Septic Systems

A septic system is a water tight tank through which domestic waste water is collected for primary treatment onsite, instead of being transported via mains sewage plumbing to a waste water treatment plant. The tanks are emptied periodically and have a system where treated effluent is disposed of via onsite drainage.

Septic systems can no handle excessive amounts oils or grease, food or chemicals. ‘Flushable’ wipes or liners should not go into the system, instead should be dispose of in general waste.

Products That Can Be Used With A Septic System

All detergents sold in Australian supermarkets are now either phosphorus free (P) or contain very little phosphorus (NP), any with the symbols P or NP all suitable for use with septic systems. If they comply with the biodegradability standard for detergents they are also suitable for grey water or biocycle systems.

All mainstream detergents eg. OMO, Dynamo, Biozet, can be used with a septic system without issue.

Stain removers, boosters and soakers eg. Vanish/Napisan, Sard, can be used with a septic system without issue.

Bleach can be used sparingly, as it breaks down into salt water and oxygen in the system, otherwise it can be disposed of on paving. It should not be used undiluted.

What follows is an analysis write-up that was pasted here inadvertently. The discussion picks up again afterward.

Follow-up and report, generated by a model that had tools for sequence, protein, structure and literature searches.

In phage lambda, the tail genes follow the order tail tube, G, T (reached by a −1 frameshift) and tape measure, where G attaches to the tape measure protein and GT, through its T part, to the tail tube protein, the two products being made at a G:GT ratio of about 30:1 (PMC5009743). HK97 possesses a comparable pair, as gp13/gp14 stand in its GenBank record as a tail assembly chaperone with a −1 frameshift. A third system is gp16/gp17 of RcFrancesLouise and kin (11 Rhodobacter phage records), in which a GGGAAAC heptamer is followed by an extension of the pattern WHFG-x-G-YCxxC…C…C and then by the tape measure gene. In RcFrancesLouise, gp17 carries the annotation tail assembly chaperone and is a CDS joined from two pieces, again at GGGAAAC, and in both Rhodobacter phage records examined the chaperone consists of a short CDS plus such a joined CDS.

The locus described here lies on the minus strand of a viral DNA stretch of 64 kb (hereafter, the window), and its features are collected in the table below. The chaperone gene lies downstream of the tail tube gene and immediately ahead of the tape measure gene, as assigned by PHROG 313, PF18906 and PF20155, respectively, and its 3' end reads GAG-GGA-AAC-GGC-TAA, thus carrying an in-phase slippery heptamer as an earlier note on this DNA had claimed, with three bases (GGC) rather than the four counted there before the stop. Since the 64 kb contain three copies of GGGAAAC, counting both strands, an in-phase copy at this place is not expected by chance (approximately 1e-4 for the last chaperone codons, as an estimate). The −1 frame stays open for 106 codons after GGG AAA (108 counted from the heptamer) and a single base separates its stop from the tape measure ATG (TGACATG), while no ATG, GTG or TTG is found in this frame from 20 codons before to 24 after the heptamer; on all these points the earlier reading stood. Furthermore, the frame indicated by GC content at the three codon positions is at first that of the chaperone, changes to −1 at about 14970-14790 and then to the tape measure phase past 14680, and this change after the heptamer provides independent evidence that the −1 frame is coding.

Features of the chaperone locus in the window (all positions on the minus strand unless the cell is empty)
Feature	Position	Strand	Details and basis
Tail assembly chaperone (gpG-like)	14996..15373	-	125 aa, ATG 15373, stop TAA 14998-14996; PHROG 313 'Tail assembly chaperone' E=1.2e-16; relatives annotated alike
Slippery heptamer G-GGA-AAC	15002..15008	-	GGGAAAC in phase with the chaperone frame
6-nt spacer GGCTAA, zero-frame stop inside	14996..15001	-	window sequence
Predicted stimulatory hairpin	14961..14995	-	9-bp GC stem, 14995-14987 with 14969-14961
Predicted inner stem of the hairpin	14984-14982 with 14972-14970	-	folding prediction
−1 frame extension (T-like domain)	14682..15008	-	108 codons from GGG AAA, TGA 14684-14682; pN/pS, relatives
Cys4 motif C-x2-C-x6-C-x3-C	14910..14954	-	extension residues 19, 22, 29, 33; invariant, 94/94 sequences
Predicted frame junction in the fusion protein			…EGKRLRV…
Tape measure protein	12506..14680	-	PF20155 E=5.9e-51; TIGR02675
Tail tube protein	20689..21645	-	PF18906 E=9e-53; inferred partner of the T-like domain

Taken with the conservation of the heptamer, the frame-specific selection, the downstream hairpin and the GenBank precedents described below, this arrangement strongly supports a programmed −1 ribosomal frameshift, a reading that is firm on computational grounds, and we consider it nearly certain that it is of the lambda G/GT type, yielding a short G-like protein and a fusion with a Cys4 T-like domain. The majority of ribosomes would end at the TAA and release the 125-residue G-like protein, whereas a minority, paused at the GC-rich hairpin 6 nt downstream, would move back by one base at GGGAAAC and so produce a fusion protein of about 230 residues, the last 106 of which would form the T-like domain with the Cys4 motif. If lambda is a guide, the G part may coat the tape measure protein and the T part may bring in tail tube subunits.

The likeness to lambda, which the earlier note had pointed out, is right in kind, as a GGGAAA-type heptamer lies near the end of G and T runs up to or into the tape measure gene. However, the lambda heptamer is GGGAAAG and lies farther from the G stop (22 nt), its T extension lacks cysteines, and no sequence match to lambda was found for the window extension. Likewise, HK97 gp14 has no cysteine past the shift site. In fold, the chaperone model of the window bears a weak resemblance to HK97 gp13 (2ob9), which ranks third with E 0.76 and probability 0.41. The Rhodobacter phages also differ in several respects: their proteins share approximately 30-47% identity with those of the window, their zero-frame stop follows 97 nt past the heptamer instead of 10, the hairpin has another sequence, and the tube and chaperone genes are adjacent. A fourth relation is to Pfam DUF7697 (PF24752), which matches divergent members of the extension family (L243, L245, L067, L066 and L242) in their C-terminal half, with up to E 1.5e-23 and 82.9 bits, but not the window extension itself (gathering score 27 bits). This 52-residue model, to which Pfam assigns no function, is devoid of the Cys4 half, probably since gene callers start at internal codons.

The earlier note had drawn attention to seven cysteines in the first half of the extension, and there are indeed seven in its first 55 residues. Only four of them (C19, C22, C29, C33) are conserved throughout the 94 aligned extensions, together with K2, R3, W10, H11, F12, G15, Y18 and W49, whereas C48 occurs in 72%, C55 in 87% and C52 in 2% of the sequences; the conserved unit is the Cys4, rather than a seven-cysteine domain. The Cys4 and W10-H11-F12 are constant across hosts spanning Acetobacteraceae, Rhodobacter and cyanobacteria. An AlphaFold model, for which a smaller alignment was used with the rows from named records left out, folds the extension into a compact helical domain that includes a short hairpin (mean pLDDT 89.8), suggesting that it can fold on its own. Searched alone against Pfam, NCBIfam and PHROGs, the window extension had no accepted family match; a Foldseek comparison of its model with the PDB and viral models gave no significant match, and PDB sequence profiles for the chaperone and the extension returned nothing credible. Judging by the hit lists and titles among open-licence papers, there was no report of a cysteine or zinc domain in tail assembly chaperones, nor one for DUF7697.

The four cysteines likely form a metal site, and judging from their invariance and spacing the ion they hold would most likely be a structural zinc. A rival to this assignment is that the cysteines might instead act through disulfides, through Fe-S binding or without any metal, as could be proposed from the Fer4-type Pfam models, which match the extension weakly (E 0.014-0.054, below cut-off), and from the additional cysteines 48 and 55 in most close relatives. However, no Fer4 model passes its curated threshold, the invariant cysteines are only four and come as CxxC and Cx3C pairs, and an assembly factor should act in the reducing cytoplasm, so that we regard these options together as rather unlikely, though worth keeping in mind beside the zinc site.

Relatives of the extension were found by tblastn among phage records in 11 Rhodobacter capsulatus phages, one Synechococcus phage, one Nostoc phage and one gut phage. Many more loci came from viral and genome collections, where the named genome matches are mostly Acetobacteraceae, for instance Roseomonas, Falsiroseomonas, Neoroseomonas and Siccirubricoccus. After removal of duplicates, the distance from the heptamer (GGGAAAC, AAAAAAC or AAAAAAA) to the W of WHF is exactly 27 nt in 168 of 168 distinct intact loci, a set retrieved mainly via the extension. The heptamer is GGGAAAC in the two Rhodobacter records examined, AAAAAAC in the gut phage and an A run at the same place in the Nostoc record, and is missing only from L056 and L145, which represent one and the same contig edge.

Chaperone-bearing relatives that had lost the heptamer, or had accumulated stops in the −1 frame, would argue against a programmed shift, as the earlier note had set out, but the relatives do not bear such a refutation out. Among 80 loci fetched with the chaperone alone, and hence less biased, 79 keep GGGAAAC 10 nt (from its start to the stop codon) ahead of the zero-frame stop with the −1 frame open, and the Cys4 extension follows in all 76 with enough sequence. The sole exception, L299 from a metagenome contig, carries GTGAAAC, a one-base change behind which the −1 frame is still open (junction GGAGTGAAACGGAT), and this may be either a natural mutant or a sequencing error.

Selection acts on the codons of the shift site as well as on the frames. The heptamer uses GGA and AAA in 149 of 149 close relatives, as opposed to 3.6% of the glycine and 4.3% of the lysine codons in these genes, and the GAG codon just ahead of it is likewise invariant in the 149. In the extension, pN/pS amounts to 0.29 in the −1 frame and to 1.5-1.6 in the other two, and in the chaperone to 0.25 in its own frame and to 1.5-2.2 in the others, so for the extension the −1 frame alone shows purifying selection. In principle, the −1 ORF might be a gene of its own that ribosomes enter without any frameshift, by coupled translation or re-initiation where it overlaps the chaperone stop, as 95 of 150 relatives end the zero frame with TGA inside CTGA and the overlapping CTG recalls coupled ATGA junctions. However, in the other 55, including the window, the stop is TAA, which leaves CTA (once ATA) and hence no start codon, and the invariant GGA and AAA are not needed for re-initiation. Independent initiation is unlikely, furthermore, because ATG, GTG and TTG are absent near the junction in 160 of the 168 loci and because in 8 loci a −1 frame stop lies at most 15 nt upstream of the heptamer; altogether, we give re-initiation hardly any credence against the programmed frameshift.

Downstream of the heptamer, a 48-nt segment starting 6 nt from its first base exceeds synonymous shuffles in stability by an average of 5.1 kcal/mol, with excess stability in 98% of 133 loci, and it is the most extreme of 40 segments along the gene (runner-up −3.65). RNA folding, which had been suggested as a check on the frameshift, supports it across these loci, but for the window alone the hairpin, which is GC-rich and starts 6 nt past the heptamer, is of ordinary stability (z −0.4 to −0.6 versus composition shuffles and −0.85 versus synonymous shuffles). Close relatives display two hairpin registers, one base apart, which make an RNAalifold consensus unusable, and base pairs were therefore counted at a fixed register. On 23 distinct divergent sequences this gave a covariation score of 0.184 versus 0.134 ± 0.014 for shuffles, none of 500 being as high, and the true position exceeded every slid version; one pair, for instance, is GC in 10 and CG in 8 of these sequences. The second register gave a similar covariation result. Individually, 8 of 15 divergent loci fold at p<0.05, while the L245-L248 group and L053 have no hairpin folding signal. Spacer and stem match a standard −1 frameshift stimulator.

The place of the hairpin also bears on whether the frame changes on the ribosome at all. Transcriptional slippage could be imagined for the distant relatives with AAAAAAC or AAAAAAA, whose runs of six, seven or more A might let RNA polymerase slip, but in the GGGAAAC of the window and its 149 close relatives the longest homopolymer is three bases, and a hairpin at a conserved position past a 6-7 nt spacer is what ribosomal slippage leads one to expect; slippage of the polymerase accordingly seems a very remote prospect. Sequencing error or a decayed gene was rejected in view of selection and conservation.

Products That Can Not Be Used With A Septic System

Disinfectants with the active ingredient Benzalkonium Chloride eg. Canesten, Dettol, generic disinfectants, should not be used as they do not readily break down, they are detrimental because they will kill the bacteria in the system. Same applies for anti-bacterial products and pesticides.

Caustic products such as oven and drain cleaners, and ammonia based cleaners should also not be used as the concentration is too strong for the system.

Another very important safety factor regarding septic tanks is that they should be completely covered with the covering made of a strong material. The covering should be checked periodically. There should also be signage around and on the tank as a warning to prevent people from walking on it. People have been known to fall through coverings that have degraded or have been damaged over time, and drown in the tank. The effluent inside acts like quick sand, and becoming submerged is fatal.